Sorry op! Soapbox!! Stepping off!!

ENormaSnob Tue 15-Jan-13 17:59:30

One loose poo does not equate to diarrhoea.

I think if the child is ok and no d and v then I would be sending to school tomorrow.

flowery Tue 15-Jan-13 18:00:10

Of course it should be 50:50 for this type of thing. Completely unfair of a couple to decide that the employer who employs the one who happens to earn less should bear the brunt, and it puts that person's job at risk.

In this situation it sounds difficult for both of you so as you are lucky enough to have parents within reach, I'd be asking them.

LadyMargolotta Tue 15-Jan-13 18:05:23

I just find it incredible that you think it's acceptable for either of you to miss important work meetings, with the career implications for yourselves, and the economic implications for your employers and clients, just because your child has had one loose poo. Especially when you say you have parents who can help.

AllDirections Tue 15-Jan-13 18:06:42

If your parents can look after the DC then that would be the best option in this case.

But I'm another one that has no back up plan. I'm not lucky enough to have nice parents and my ex married someone else behind my back and didn't tell me till I was pregnant. He's not around so that leaves neighbours and friends but they all work too. I wouldn't be able to afford emergency childcare.

Mintyy Tue 15-Jan-13 18:10:13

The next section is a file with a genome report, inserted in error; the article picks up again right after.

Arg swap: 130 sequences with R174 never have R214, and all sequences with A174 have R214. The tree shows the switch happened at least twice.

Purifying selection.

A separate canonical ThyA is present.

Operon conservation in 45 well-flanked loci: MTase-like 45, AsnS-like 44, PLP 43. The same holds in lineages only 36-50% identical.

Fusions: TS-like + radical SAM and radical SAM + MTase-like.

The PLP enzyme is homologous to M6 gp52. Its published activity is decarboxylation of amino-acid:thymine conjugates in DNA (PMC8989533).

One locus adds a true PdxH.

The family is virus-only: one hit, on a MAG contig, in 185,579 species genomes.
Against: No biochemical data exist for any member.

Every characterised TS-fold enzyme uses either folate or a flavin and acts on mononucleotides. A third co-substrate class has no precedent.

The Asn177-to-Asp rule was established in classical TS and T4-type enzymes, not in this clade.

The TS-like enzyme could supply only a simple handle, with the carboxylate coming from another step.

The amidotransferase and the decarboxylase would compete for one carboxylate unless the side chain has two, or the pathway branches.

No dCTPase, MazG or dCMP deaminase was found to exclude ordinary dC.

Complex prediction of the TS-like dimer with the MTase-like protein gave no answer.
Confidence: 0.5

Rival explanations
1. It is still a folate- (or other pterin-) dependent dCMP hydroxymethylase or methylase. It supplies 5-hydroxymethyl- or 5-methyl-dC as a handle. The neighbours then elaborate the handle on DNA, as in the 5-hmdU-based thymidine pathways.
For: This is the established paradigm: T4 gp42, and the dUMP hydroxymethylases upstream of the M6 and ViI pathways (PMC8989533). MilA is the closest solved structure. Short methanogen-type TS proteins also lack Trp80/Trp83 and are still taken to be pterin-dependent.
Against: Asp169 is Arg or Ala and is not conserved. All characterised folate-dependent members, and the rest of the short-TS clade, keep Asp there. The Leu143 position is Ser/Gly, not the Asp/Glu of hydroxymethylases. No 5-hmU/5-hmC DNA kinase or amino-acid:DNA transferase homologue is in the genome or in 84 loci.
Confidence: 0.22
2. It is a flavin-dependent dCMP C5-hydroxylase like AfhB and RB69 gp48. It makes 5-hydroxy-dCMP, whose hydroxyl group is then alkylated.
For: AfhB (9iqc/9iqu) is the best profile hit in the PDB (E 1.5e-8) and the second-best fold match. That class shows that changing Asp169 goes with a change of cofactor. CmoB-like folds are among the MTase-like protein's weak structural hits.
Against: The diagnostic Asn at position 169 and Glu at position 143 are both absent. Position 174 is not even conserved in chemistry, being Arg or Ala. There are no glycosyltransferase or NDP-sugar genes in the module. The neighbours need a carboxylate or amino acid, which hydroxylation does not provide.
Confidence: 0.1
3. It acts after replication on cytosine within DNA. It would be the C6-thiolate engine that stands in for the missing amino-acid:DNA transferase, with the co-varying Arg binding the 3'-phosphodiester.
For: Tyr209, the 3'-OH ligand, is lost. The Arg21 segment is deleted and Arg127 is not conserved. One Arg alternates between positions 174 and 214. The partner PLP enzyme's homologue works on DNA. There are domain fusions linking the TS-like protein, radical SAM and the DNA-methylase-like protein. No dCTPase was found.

I just think its incredible Lady Margoletta that you have plenty of people on hand willing to look after an unwell and infectious child at the drop of a hat. People who do not live near willing family (and I should think even the most willing families could be forgiven for not wanting to put themselves in the path of a stomach bug - I certainly won't if/when I become a grandmother) have no choice but to look after the child themselves. That's what happens when you become a parent - shit happens and you sometimes have to shift your priorities. Ffs!

Portofino Tue 15-Jan-13 18:10:25

I'm in Belgium and have frequently missed work with a sick child. I don't have a back up plan. I am lucky that I can work from home if I need to, and tends to me that does it as my employer is more flexible about things like that than dh's. That being said, if I was running a conference session I would prioritise that over a meeting with the boss, which is easily rearranged. My mutuelle actually offers care for sick kids - whereby a complete stranger will come to your house for up to 2 weeks. I have never used it, preferring to be home myself, or dh, but can see it could come in handy if you really need it.